Residents gather for coffee, community

By Jennifer Busby

First comes home. Second, work. Third places come next.

In the eighties, Ray Oldenburg describes third places that are neither work nor home and offer a distinct social environment—one essential to building community.

Open to the public, they offer food and drink as well as a comfortable environment that attracts regular patrons.

In the Jefferson Westside neighborhood, third places aren’t hard to find.

Sweet Life Patisserie, on Eighth Avenue and Monroe Street, draws people from across Eugene. It’s here that the Whiteaker blurs into Jefferson Westside and it’s not uncommon for people to confuse the two. It’s an easy mistake to make, considering that many students at the University of Oregon are apt to dub any neighborhood between downtown and Chambers Street as the Whiteaker.

Students make a strong showing, clustered at the long bar that looks out onto Monroe Street.

A pair of students from the University’s music school sit at a small table, talking.

“I’m not competitive with anyone else but her,” the woman says over her cheesecake to the man across from her. She mashes the fruit topping around on her plate with her fork.

He’s dressed in black—his button-down is tucked into dress pants and his leather shoes shine under the table.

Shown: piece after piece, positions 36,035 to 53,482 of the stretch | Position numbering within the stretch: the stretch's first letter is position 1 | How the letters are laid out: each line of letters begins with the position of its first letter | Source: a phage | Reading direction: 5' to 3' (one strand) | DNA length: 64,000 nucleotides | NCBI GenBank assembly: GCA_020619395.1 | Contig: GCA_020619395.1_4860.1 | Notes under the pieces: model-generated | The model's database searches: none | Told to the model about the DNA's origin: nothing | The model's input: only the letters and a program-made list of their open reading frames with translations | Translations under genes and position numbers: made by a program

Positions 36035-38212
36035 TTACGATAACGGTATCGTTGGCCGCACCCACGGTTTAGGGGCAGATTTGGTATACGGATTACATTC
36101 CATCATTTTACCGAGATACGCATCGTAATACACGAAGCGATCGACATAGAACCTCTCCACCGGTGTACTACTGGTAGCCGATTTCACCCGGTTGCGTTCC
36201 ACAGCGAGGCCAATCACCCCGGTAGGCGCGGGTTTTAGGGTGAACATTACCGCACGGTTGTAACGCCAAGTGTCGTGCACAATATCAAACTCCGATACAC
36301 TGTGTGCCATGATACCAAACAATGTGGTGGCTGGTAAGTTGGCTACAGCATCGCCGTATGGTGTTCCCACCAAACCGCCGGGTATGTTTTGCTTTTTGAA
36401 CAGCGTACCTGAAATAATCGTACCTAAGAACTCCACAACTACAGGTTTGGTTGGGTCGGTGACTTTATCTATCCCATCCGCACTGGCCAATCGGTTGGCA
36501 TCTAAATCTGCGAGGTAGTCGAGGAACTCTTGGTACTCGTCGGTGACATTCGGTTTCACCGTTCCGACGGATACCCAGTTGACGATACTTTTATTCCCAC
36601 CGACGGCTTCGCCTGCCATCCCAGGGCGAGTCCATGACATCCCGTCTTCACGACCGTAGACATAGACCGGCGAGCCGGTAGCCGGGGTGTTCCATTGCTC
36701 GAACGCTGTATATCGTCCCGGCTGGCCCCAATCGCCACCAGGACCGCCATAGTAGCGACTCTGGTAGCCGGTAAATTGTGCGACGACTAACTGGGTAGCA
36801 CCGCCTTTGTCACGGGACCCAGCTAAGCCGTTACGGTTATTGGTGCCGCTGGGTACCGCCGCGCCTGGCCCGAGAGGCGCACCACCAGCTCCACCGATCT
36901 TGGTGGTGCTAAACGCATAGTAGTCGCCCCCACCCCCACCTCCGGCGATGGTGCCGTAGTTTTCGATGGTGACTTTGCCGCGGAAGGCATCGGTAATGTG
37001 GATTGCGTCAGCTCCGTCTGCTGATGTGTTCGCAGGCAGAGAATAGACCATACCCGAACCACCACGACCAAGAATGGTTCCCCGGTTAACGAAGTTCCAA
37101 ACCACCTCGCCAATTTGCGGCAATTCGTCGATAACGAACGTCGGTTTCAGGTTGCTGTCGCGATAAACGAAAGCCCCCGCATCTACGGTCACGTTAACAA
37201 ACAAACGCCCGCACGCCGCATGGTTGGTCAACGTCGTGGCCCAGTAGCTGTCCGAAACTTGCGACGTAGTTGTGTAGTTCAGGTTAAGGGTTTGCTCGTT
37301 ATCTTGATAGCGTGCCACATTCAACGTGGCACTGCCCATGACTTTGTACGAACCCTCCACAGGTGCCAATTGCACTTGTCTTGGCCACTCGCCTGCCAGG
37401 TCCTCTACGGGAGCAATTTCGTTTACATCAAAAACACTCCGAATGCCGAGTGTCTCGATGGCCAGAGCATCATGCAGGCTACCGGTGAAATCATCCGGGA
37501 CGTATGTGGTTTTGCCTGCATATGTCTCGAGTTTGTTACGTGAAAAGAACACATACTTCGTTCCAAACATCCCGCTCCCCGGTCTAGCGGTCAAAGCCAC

They aren’t the only couple—twosomes are scattered throughout the room. At its busiest, the tables outside are for those who are alone, slamming coffee, eyes scanning course packets and laptop screens.

Gerald Rice comes to Sweet Life once or twice weekly to read a book over a cup of coffee. When his job as the Banquet Service Manager at the Eugene Hilton swamps him with paperwork, he trades pleasure for business.

There’s a constant line at the register. One man struggles with the door as he balances a stack of three tidy to-go boxes. It’s hard to believe that the rush ever ends here. A couple who arrive on a motorcycle take their cake outside, hoping for quiet. Sundays aren’t typically as busy, but the weather has brought people out in force.